Victory of the Daleks

The Daleks have always been a not-so-subtle allegory for Nazi Germany, the “master race” wanting to purify the species and take control of everything, so it was inevitable that they’d feature in an actual WWII episode eventually. Winston Churchill’s war room has supposedly built these new weapons, which Professor Bracewell calls “Ironsides”, but obviously the Daleks have their own plans and their loyal servant routine is just a facade. While the Doctor spends much of the episode trying to persuade Churchill that the Daleks are remorseless creatures with an ulterior motive, I was reminded of the rather excellent Power of the Daleks, in which much the same thing happens. Unfortunately, this episode doesn’t handle it so effectively and the story is pretty much nonsense.

The Doctor, Amy and a not entirely convincing Churchill.

The Doctor, Amy and a not entirely convincing Churchill.

So, the last of the last of the last (really, this time!) of the Daleks, having slipped back through time, have found a special Dalek-growing device that will reboot the entire race, but they’re not pure enough to activate it, so they need to construct an implausible scenario where the Doctor will inadvertently confirm the Daleks’ identity to the Progenator Device, by building an android scientist (Bracewell) and infiltrating the London war room during the blitz. Ooooo—kay. After their plan actually works, they attack London indirectly by turning its lights on during a blackout, but we then learn they could have blown the Earth up with the bomb inside Robo-Bracewell anyway, so what was the point of that? And I don’t care how advanced he is, there’s no way he could have built spaceworthy Spitfires and trained pilots to fly them in ten minutes. That’s just ridiculous.

The bomb is deactivated using the power of love. Sigh.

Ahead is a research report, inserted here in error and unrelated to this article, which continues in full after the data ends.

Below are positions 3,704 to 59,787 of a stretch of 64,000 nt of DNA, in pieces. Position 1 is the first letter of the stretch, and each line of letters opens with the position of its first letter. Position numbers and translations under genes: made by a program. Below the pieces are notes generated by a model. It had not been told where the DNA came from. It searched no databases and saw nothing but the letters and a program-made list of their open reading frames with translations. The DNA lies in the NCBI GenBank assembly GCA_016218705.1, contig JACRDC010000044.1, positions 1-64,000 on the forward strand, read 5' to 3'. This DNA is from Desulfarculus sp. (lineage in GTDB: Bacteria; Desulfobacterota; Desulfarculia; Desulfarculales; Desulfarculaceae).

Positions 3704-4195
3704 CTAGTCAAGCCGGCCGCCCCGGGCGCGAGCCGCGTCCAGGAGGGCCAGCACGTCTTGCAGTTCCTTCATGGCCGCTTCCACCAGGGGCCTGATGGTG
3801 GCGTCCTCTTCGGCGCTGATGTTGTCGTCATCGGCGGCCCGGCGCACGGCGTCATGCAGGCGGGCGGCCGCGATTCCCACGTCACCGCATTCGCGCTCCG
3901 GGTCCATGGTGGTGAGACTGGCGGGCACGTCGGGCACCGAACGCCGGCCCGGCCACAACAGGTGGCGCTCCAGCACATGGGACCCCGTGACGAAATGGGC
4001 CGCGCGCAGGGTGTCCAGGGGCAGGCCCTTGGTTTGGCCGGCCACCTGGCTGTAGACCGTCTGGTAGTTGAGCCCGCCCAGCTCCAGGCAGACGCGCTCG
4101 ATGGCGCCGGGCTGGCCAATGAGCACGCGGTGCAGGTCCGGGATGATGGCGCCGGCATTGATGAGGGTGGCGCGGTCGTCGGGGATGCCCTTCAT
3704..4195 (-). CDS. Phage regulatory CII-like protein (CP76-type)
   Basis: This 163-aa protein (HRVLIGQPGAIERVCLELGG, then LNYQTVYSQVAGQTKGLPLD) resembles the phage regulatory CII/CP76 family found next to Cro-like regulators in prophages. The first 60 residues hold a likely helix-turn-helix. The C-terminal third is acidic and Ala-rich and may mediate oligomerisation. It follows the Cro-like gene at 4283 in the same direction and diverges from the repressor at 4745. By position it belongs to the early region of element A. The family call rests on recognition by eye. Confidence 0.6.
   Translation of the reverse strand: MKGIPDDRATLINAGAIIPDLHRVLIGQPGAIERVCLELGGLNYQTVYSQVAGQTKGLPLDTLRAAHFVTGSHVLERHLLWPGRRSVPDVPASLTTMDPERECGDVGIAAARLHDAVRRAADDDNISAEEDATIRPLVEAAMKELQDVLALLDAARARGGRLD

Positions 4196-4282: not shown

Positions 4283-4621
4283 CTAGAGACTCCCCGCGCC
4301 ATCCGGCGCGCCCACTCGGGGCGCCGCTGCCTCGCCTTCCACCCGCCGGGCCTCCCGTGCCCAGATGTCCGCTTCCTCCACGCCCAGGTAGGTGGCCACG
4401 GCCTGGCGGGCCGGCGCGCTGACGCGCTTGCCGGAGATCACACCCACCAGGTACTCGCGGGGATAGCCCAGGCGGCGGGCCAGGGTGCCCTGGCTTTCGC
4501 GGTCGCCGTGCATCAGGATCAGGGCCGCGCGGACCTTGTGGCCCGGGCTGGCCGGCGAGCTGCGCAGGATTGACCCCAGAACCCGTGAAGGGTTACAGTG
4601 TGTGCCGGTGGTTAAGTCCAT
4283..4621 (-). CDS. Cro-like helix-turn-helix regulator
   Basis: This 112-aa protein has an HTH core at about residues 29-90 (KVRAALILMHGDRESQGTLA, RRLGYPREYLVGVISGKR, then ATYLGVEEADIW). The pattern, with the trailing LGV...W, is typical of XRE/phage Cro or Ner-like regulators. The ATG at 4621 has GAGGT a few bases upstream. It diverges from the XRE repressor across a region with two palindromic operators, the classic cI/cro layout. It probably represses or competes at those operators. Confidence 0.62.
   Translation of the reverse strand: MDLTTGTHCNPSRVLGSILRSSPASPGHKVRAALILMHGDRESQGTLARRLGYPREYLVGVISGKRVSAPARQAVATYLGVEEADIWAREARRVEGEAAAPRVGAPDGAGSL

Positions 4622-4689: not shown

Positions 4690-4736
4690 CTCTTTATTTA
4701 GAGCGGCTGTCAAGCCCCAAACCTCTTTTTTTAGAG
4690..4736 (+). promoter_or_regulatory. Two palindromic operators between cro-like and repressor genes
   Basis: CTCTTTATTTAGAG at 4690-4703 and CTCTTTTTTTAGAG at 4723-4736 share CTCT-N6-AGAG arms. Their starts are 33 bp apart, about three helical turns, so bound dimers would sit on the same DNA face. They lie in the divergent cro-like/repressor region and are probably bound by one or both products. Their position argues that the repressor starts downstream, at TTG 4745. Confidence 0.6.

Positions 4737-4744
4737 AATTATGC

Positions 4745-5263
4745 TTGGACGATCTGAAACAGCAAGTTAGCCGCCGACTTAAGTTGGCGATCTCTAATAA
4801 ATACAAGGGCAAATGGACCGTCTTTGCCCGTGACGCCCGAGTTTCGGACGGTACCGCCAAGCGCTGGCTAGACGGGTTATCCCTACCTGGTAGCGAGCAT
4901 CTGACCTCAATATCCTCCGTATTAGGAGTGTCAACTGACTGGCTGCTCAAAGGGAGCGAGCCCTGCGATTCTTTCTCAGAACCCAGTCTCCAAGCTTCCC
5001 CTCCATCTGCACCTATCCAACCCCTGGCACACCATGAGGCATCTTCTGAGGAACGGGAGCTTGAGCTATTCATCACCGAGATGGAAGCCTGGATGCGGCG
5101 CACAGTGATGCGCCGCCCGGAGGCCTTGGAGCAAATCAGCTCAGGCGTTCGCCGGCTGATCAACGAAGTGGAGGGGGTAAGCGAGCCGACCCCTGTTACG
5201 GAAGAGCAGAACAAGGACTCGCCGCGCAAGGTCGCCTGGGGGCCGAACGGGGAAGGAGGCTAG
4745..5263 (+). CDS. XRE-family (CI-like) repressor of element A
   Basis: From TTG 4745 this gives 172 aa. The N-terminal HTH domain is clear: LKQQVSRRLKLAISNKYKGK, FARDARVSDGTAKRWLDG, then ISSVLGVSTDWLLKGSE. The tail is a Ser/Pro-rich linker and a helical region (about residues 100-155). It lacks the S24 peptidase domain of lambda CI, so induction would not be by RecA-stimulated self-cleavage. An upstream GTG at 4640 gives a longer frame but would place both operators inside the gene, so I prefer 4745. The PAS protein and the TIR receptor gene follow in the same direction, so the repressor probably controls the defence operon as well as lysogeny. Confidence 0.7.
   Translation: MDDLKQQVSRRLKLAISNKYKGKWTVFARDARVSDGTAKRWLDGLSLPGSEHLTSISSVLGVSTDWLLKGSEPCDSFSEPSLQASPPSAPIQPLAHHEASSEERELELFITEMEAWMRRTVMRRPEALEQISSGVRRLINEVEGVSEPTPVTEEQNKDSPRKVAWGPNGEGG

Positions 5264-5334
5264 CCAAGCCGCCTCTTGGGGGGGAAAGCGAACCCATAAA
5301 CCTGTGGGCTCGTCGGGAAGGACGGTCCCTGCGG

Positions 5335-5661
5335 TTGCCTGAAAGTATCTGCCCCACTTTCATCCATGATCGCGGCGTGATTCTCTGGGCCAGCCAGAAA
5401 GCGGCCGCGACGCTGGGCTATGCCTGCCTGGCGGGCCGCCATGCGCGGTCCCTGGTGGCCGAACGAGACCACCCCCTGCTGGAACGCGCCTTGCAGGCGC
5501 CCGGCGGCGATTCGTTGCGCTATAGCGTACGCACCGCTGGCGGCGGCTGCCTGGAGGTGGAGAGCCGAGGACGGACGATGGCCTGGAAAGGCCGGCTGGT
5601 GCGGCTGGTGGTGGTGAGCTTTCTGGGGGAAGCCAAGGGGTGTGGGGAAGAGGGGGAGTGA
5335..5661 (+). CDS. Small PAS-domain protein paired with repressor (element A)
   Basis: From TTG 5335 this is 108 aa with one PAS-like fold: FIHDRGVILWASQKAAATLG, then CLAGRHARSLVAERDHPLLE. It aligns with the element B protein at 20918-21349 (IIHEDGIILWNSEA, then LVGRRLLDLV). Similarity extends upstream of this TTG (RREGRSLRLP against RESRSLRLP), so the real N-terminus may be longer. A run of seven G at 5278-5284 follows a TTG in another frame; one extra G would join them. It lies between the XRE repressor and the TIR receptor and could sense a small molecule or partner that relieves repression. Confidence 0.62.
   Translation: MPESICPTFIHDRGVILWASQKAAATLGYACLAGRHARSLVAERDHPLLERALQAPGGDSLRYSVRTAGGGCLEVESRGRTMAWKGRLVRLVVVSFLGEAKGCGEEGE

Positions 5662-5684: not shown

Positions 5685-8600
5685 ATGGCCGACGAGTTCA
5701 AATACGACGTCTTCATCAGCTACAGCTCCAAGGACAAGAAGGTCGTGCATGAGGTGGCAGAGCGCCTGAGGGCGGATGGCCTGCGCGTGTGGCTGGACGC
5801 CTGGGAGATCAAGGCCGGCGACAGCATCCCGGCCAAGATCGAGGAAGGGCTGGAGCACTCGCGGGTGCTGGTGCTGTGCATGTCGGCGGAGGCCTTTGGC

The bomb is deactivated using the power of love. Sigh.

The episode does have its strengths, however. When the Daleks are playing their role as slaves, they’re arguably more menacing than when they’re being up-front and honest. They certainly get the Doctor nervous. Servant Daleks asking people if they want tea in loud Dalek voices, and, later, the Doctor bluffing his way onto their ship using a jammy dodger, are examples of the British humour that permeates the show in its more whimsical moments. It’s also interesting that the Daleks actually sort of win this time. Finally, there’s the added mystery about the crack, which now appears to have removed memories of the previous Dalek invasions from Amy’s mind, or possibly erased the events themselves. Intriguing.

"WE ARE THE NEW DALEKS. PLEASE TAKE US TO THE CHECKOUT. LIMIT ONE PER CUSTOMER."

“WE ARE THE NEW DALEKS. PLEASE TAKE US TO THE CHECKOUT. LIMIT ONE PER CUSTOMER.”

Ultimately, though, the plot is flimsy, purely a setup for the new Daleks (who were wasted on a mediocre adventure game released around the same time) and, presumably, an excuse to sell a colourful range of toys. Shameless!

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